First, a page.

What did you do after Texprint? I interned for one season at Céline’s knit and jersey department in London. I was then commissioned to create some catwalk knit pieces for Guy Laroche, based on a sample they purchased from me at Première Vision. Then I was offered the internship at Balenciaga and moved to Paris.
Elena Munoz, design from 2010
What inspired you to choose knitwear as a discipline initially? I chose knit as my specialty because of the possibilities for three-dimensional creation and experimentation that the medium allows. The process of working and creating with knitting machines has always felt very natural to me.
What have been the most significant moments in your career path so far? Being accepted into Central Saint Martins to study knitwear (after business studies in my native Madrid) was really a turning point for me. It made me strive to always push boundaries within my creative field. Moving to London from Spain was a great cultural experience and was a key factor for me in deciding to combine textiles with fashion. A further significant moment was being selected for Texprint - a great showcase to present my work internationally.
After London, it just felt natural to move to Paris in order to continue to develop my passion for knitwear. I have been given great opportunities to experience the expertise of some great Parisian design studios. Today I’m very happy to be part of such a prestigious fashion house.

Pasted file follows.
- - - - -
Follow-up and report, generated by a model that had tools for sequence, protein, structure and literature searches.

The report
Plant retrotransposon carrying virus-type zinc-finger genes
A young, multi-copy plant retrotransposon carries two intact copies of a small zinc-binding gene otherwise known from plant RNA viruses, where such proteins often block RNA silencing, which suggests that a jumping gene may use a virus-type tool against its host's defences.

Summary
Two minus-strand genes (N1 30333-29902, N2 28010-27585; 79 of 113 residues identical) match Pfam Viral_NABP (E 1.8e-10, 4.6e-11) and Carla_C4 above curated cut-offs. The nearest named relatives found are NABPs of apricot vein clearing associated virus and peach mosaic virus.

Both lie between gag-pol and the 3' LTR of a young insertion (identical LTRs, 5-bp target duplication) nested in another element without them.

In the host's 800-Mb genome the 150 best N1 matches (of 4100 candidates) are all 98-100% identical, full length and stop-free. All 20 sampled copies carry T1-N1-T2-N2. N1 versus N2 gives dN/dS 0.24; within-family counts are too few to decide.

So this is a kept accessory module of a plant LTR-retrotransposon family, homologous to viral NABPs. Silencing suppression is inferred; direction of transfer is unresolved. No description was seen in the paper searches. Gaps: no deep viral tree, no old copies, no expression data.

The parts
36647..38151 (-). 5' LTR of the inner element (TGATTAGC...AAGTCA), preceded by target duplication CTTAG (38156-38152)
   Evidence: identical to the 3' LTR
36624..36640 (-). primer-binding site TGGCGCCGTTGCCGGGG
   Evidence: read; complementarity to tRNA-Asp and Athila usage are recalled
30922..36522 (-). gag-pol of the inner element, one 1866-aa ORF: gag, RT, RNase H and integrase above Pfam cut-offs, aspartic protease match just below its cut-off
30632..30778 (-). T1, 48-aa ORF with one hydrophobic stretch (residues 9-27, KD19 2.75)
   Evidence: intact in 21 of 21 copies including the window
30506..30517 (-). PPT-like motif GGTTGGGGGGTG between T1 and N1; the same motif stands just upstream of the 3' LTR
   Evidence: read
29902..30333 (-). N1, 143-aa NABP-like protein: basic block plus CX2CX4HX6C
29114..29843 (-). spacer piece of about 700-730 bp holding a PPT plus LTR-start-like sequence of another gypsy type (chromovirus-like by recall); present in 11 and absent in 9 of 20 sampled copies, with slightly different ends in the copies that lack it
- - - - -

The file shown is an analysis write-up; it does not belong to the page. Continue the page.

What is your advice to new graduates? Develop your networking skills because you need them! Get in contact with agents or headhunters to help you to find a job, and try to gain as much experience as you can as an intern or by freelancing to build a strong portfolio. Never stop doing what you like most.
And to students embarking on a degree? Work hard and enjoy these years as much as you can. Remember that it’s only by pushing yourself that you get the most interesting outcomes.
What are your plans for the future? It’s difficult to project ahead to the future, but whatever I am doing - I hope to always apply the same passion and the same energy.
Exhibition Alert: British Design 1948-2012: Innovation in the Modern Age
30 March 2012 by Joyce Thornton
British Design 1948-2012: Innovation in the Modern Age is a major new exhibition which opens at the V&A Museum on March 31, 2012. As Britain once again hosts the Olympic Games in London, the exhibition looks at the radical changes in design since ‘The Austerity Games’ was staged in London in1948. Three galleries are dedicated to tracking the changing shifts in the design of buildings, objects, images and ideas over the last 60 years.